Depression isn’t just a case of the blues where you feel down for a while. It’s a mental health issue, a mental illness that ranges from moderate to severe. Untreated, the burden of depression can be part of daily life, or it can come and go in endless recurring bouts. Thankfully, there are effective treatments for depression.
In January 2020, the World Health Organization (WHO) reported that more than 264 million people suffer from depression globally. The Anxiety and Depression Association of America estimates that more than 6 million are affected by depression in the United States. Both numbers refer to adults over the age of 18 years.
Keep reading to learn more about this medical condition, the range of depression symptoms, effective treatments, and how motivation at work is connected to your fulfillment on the job.
Depression is a common mental health condition that impacts how you think, feel, and act. Symptoms of depression include sadness, hopelessness, anxiety, irritability, guilt, and a loss of interest or pleasure in things that were previously enjoyable. Depression is a treatable medical condition.
As employees fear being laid off or furloughed, C-suite executives and their management teams are fighting to keep their businesses afloat. Some employees will keep their jobs and others will be unemployed. Some organizations will survive, and others will have to close their doors.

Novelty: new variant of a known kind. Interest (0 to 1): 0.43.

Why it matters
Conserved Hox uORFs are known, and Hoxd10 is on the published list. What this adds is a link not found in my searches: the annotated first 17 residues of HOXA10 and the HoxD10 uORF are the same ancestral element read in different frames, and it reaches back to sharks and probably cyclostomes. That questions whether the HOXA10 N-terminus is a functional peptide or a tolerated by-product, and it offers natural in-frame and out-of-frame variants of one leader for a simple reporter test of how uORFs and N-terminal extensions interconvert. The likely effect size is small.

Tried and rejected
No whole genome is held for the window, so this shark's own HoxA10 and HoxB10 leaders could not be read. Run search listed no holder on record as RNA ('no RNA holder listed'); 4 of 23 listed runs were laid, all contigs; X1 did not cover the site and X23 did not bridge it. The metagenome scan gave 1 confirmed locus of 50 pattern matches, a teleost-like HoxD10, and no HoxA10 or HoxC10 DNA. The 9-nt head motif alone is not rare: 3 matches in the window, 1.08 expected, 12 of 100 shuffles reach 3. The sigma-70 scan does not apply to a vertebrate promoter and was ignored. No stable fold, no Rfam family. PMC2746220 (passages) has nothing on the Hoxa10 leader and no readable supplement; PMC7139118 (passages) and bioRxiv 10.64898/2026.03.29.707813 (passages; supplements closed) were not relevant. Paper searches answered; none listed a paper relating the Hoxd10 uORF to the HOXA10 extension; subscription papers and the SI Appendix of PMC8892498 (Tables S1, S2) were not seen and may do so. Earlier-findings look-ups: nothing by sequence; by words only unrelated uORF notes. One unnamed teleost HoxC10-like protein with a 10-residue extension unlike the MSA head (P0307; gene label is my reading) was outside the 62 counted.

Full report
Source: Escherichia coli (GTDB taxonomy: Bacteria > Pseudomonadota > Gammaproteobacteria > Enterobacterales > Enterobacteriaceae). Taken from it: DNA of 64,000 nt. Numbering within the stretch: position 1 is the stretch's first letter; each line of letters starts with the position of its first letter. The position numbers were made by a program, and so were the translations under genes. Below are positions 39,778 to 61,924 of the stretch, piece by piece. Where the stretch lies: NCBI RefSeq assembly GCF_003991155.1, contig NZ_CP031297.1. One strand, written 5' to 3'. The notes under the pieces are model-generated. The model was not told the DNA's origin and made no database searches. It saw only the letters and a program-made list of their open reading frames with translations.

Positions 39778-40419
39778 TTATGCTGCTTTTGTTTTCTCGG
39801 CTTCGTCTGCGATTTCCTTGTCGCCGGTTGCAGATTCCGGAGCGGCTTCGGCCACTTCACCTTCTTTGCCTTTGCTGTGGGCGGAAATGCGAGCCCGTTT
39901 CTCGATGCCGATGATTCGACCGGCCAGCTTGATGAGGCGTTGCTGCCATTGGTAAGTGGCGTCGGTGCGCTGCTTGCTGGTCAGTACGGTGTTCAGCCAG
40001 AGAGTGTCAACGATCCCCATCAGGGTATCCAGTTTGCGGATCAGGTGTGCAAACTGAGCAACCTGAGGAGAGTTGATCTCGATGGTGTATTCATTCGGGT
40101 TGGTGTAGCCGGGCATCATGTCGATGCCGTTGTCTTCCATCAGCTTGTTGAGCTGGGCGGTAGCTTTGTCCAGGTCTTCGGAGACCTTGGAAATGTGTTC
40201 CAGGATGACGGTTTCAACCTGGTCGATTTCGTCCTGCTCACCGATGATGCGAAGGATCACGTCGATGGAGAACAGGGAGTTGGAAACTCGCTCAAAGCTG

Depression can be activated by many things, including genetics, past or ongoing trauma, abuse (familial in particular), death and loss, stress, and serious illness. These can, in turn, lead to the use of medications, uncertainty and insecurity, social isolation, and conflict. These secondary issues are, in themselves, triggers of depression. It’s easy to see how depression is considered a debilitating disease.
Unfortunately, mental health problems are still highly stigmatized, and more so in certain cultures. Depression is something that many people are reluctant to discuss. So how do you cope with depression at work when you’re an adult who has financial responsibilities and has to earn a regular income?
Many still cling to the idea that “what happens at work stays at work; what happens at home stays at home”. In an ideal world, possibly – but in our current situation, no way! There’s no escaping it; depression can be a constant companion that won’t go away on its own.
Please note: I am an HR professional with experience spearheading workers’ mental health initiatives for innovative companies, so naturally, in this article I will focus on strategies for dealing with depression at work. This is not medical advice, and if you think you might be depressed, I urge you to also seek help from a medical professional.